The difference can be explained by the resistance mutations found in each of the grassweeds, says Antonia. The primary mutation affecting fop and dim chemistry in blackgrass is I-1781-L, with plants carrying that mutation highly resistant to most herbicides with that mode of action.

However, she stresses that Centurion Max is different – providing good control of plants carrying I-1781-L, whereas another mutation, A-2078-G, has been found to impact field performance.

“Fortunately, that mutation is currently uncommon in UK blackgrass populations but has been found in some Italian ryegrass populations,” says Antonia.

Agrii agronomist Adam Mann advises on sugar beet crops across Norfolk and Suffolk. He agrees that sugar beet is a good crop to help tackle grassweeds in the rotation but stresses that cultural controls are vital.

“In a normal season, stale seedbeds and ploughing in good time in the autumn are all effective practices. Attention to detail in preparing the best seedbed and establishing the sugar beet also helps with grassweed pressure,” says Adam.

With most grassweed problems occurring on the heavier beet-growing land, in these situations, Adam encourages early primary cultivations. “This promotes maximum blackgrass germination in the autumn which can be sprayed with glyphosate in the spring ahead of drilling.”

Where cover crops are used over winter and then sprayed off ahead of spring drilling, he always conducts an inspection after the cover crop has died off. He says this is because the cover crop may shield grassweeds from the glyphosate so an additional application may be required.

For Adam, the main grassweeds of concern in sugar beet are blackgrass and ryegrass, with the latter becoming more prevalent. “Ryegrass will be a more significant issue in the future – it’s becoming more common and we’re finding quite a lot of herbicide resistance.

“It’s mostly coming into fields from straw and organic manure; I’m also paying close attention to where SFI and stewardship mixes contain ryegrass,” he adds.

Also up for debate is Conviso herbicide-tolerant sugar beet varieties. With the area expected to increase beyond the 20,000ha planted last season, Antonia urges growers to consider supporting the Conviso One (foramsulfuron+ thiencarbazone-methyl) herbicide with conventional chemistry.

“I expect Conviso One to provide reasonable blackgrass control,” says Antonia. “However, it’s very similar sulfonylurea (SU) chemistry to what’s used elsewhere in the rotation in products like Atlantis (mesosulfuron-methyl+ iodosulfuron-methyl).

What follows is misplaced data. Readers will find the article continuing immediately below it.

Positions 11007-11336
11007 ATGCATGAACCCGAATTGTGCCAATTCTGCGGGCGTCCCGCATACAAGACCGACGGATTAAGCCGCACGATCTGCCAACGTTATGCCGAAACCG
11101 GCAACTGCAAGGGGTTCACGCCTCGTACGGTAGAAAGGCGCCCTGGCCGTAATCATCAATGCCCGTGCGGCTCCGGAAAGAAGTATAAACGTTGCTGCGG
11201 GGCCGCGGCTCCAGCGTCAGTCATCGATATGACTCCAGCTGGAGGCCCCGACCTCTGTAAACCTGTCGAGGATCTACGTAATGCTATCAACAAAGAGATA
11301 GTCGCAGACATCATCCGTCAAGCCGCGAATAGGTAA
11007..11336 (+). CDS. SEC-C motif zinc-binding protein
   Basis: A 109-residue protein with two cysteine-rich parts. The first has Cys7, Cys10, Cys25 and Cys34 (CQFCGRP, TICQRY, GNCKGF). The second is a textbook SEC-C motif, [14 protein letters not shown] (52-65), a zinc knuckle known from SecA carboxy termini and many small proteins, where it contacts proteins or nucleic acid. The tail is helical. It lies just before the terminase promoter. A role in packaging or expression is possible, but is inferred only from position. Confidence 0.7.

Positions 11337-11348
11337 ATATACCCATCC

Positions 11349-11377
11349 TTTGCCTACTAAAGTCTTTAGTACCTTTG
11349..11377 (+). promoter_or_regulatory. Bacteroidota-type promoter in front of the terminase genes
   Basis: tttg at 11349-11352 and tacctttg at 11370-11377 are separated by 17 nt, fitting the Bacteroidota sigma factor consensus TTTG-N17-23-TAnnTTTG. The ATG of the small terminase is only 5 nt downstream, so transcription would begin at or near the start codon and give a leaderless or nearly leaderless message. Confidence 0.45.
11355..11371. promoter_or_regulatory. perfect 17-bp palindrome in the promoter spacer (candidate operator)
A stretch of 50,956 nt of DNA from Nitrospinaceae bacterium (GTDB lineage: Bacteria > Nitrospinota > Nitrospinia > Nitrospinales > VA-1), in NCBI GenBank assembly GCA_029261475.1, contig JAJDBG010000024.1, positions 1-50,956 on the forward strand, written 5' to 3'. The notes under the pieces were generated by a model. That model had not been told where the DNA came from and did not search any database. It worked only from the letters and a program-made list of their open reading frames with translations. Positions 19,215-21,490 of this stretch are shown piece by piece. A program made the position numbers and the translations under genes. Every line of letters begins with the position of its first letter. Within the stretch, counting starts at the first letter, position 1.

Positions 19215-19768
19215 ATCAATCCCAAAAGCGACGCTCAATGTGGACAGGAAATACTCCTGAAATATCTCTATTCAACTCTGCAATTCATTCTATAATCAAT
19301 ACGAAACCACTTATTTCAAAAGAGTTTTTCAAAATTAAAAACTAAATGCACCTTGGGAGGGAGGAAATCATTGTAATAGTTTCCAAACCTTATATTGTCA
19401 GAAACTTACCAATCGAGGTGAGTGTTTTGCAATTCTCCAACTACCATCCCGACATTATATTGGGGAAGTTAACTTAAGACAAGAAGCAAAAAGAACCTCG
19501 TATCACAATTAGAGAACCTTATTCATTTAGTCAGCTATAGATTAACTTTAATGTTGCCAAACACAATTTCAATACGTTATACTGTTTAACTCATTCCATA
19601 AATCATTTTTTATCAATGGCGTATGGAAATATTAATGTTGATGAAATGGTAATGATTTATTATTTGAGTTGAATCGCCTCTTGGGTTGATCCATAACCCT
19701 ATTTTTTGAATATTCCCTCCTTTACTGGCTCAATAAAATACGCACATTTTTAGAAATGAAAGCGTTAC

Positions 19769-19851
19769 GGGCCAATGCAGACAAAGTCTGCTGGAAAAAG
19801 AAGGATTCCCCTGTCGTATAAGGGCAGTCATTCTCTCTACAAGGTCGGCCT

“If growers expect high blackgrass pressure and are worried about the resistance status of their populations, using a pre-emergence spray containing ethofumesate and metamitron will boost control. It’ll also help to control problem broadleaf weeds like black bindweed which Conviso One struggles with,” she adds.

“Following with Centurion Max will also help with blackgrass control and provide an alternative mode of action post-emergence,” concludes Antonia.

Slow and steady

The spring workload looks a little daunting at Thurlow Estate Farms in Suffolk – farm manager Jonathan Drury says there’s plenty of spring cropping left to plant as well as his usual sugar beet.

Most of the farm’s 4500ha is Hanslope clay with around 1000ha being Swaffham Prior loam over chalk. It’s on this lighter ground that the farm grows 130ha of sugar beet on a seven-year rotation.

Jonathan says in a normal season, sugar beet drilling is unlikely to start before the first half of March. “We wouldn’t dream of going any earlier than that, we want the soil to be warm so the crop gets up and away quickly.”

Farm soil temperature probes help with decision making, he says, which read 10.9oC at the time of writing (mid-March). Last year, the farm’s sugar beet wasn’t planted until mid-April, so Jonathan isn’t worried about a possible late start again this spring.

“The lighter land can dry out quite quickly, but we won’t drill until conditions are right. It’s more important that we put the crop in well and get it out of the ground so it can keep growing from the off.”

But now, he has the added conundrum of virus yellows – with levels forecast to be 83% in crops where no control measures have been taken after the mild and wet winter. Anticipating this may be the case, Jonathan took up the Cruiser SB-treated (thiamethoxam) option on 60% of his seed at the time of ordering – reflecting the 60:40 split seen across the national sugar beet area.

With some open, well-drained fields that could dry out relatively quickly, Jonathan says he didn’t want to go ‘all’ in and be waiting for Cruiser-treated seed to arrive should conditions come right.